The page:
Jeff Berkowitz: So, there is no magic bullet, but here is one- let me see what you think of this. We have this backpack here for a purpose—

Holmes: I have heard about your backpack.

Berkowitz: So, take the City of Chicago, where it is still basically true … [that only] one out of three kids is reading at grade level, two out of three are not. Now, the numbers have gotten a little better, but those numbers are still a pretty good guide, those numbers were thrown out by Mayor Daley three years ago as the [right] numbers [if we] focus on the City of Chicago, but I think you could talk about the same experiment with Decatur and a variety of other areas through-out the state, [such as] Cairo, where we have low performing schools. Or, let’s put it that way—we, at least, have kids who are not learning how to read, write and do math at the levels we would like. I think you and I would agree with that. In the City of Chicago, we spend $11,000, counting capital costs, per kid, per year. If you don’t count capital costs…it is about $10,000. You have about 435,000 students in the City of Chicago. Go to each parent—you could sponsor this, you are in a position to do this, you could say to the Governor- you know, we should give these people some school choice, put that $10,000 in the backpack…and go to every parent of those 435,000 students, and here is a backpack-- you take that backpack and you go to the parents and say if you are happy with …your public school, you can stay there. But, if you are not happy with your public school, you can take that $10,000 and go to the private school of your choice. The market would work. Private schools would be created right in the area, so we don’t have to bus kids anywhere. If they wanted to they could go 10 miles [away, or further], but markets tend to respond, and if the kid [and the parent] left the public school to go to a private school—out goes the kid, out goes the backpack, strapped on the kid’s back. Out goes the money to the private school that is providing the service. What was the word you used? Something about a bullet?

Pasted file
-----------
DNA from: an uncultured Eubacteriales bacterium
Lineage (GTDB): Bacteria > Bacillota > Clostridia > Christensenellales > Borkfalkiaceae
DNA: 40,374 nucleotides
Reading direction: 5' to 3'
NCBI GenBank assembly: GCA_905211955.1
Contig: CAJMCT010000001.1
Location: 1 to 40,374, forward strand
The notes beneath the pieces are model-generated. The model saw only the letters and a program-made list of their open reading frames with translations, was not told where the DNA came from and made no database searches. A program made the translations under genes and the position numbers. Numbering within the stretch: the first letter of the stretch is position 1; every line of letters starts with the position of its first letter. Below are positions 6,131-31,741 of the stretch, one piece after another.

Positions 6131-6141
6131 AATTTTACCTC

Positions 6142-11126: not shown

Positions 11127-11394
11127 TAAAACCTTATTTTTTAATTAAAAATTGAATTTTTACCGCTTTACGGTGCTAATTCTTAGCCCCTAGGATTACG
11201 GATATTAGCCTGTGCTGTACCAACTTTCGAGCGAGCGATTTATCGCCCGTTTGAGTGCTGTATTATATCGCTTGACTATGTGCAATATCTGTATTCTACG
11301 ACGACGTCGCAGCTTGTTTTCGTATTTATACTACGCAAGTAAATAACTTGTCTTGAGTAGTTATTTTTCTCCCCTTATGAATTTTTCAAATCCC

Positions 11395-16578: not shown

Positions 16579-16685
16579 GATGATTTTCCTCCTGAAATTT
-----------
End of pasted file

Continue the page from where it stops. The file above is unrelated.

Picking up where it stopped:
Holmes: Magic silver bullet.

Berkowitz: Silver bullet. There is no silver bullet [you said]. School vouchers, school choice, a silver bullet to promote competition, innovation, choice, all good things, and we are going to continue to speak as the credits roll, but I very much want to thank Brenda Holmes…we are almost out of time again—

Holmes: I can’t believe that we are out of time—

Berkowitz: But, you will get the last word because you can tell us, Brenda Holmes, Deputy Chief of Staff for Education for Governor Rod Blagojevich, what is wrong with school choice? Giving parents some freedom, some choice. Providing them [parents] with competition, innovation.